Cameron's thrust appears to be about deciding which sections of the industry should most benefit from these privileges. The presence of Tory peer Julian Fellowes on the PM's trip to Pinewood is not accidental.

I have no doubt that in Cameron's mind a "mainstream" or "commercially successfull picture" is by definition a conservative one, made by "chaps like us."

One further materialist point to note is that cinema, as a productive business, can produce very large profits very quickly - i.e. a hit film can deliver a fat revenue stream within 2-3 years of initial investment.

If you were looking to boost GDP, not to mention the balance of payments, in 2015, then you might be tempted to gamble on cinema ahead of a more predictable but slower return from classic manufacturing.

Kellie Strøm

On GeorgeNYC's distinction between art house and commercial: aren't art house films also commercial? The distinction might be better seen as between art house and mass market, between low stake productions aimed at narrow markets versus high stake productions aimed at wider markets. Film production, like publishing, is a betting game, and there can be a commercial advantage to spread betting on as many low stake productions as possible, rather than risking all on one spin of the wheel.

See "My Indecision is Final" by Jake Eberts and Terry Ilott for more.


Although I apologize for the early morning snarkyness, my point was that this really was not some form of "managerialism" but something else entirely. As pointed about by "fromarsetoelbow" it probably has more to do with typical cronyism rather than some misguided attempt to "pick" commercially successful films.

it is perhaps more offensive if you see it as cronyism masking itself as manegerialism.


I think film is seen as "sexy" and so gets a pass from the point of view of economic theory. From the point of view of theory it makes logical sense for the state to finance cultural out put that is good but not economic. As part of the Liberal end of promoting social good that the market will not. Keynes certainly thought that a board of big wigs like himself could pick cultural winners. Those cultural winners may be profitable or may not, but that is secondary to the aim of boosting culture. It seems to be pointless to provide tax relief to profitable films as the market of investors should make them anyway. Tax relief merely reduces the gain received by the state. If the Treasury applied this policy to all economic sectors then the Government really would be bust. The state should subsidise culture if it needs it by direct spending and profitable cultural productions can help to subsidise the loss leaders.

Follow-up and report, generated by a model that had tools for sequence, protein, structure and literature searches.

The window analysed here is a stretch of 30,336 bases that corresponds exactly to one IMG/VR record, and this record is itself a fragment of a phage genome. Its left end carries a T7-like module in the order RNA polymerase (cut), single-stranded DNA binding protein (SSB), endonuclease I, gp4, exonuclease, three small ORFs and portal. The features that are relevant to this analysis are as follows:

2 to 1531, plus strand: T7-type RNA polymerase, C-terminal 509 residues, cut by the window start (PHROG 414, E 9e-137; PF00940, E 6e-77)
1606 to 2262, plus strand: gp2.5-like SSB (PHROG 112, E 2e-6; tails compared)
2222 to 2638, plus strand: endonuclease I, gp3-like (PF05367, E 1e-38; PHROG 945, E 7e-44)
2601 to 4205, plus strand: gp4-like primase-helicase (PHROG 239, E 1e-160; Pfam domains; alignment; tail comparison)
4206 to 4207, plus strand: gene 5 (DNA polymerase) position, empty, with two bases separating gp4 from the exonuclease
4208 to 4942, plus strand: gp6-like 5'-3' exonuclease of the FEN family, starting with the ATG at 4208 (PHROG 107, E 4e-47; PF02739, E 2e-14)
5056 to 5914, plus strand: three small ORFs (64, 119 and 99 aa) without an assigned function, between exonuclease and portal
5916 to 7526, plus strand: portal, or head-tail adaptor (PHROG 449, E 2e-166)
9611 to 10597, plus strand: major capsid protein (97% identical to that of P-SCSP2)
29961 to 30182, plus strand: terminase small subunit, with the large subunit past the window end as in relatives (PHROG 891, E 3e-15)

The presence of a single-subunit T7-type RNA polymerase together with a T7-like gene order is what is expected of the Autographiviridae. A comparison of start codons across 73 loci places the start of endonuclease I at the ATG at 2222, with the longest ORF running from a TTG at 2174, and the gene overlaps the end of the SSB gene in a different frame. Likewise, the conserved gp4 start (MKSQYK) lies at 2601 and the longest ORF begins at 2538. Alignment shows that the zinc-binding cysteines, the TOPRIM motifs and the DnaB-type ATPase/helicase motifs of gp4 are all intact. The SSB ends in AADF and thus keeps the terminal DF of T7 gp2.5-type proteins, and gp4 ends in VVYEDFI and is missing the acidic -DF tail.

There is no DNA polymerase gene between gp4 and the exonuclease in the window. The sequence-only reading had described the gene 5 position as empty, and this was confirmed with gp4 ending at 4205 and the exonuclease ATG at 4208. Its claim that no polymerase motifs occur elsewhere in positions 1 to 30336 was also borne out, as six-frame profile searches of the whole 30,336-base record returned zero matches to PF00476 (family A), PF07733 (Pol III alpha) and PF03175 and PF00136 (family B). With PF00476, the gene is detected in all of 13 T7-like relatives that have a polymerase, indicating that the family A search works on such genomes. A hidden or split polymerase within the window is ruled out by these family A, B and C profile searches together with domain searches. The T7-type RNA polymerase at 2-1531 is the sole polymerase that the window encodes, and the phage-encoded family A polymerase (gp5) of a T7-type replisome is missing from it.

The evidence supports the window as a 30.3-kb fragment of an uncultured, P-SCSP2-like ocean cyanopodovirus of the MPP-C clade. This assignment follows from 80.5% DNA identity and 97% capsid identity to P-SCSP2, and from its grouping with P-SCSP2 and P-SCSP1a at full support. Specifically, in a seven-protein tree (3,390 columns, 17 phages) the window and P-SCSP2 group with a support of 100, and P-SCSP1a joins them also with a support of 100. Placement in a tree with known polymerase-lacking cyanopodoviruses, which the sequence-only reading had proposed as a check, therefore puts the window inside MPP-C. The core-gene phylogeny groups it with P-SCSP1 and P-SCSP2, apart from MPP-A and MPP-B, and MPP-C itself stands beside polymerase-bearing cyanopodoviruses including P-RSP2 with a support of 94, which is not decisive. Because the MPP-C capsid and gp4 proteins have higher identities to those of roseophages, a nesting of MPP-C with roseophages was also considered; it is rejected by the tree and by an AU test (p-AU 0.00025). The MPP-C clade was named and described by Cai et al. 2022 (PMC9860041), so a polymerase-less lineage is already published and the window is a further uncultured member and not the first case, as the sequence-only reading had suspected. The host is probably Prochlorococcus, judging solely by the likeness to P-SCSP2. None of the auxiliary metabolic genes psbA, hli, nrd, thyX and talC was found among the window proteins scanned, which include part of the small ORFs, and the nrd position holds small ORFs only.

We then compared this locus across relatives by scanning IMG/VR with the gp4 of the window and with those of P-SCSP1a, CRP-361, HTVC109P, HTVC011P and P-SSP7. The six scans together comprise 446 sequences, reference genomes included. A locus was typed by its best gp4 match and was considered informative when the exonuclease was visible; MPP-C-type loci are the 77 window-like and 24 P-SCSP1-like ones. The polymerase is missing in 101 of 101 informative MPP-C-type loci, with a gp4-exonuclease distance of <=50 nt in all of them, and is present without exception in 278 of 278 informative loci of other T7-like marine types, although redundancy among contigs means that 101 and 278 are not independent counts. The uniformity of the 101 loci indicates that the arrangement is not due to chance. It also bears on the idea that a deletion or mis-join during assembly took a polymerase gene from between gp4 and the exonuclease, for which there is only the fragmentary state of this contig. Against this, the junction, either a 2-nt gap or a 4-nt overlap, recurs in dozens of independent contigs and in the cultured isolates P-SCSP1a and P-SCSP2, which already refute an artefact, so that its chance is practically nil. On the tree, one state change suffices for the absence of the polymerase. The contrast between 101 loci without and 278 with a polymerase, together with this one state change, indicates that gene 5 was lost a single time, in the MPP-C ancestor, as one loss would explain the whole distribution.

I might add that producing philistines "who know the price of everything but the value of nothing"
reflects badly on Eton and ther private educational bodies! If all your pupils have equally limited appreciation for culture then private education is a waste of money.

Chris Purnell

Isn't the Cameron statement just empty PR rhetoric said opportunistically? It's more 'mood music' than a putative policy.

Tory Burch Online

thank you for your useful site


The press is, for the most part, the propaganda wing of the Tory Party.

john problem

There three things necessary to guarantee commercial success (in addition to the obvious trick of attaching a big name star). They are sex, violence and gutter talk. Is our leader, the Head Prefect, propagandising that?

Tim Almond

The Guardian are dumbed-town Tory press?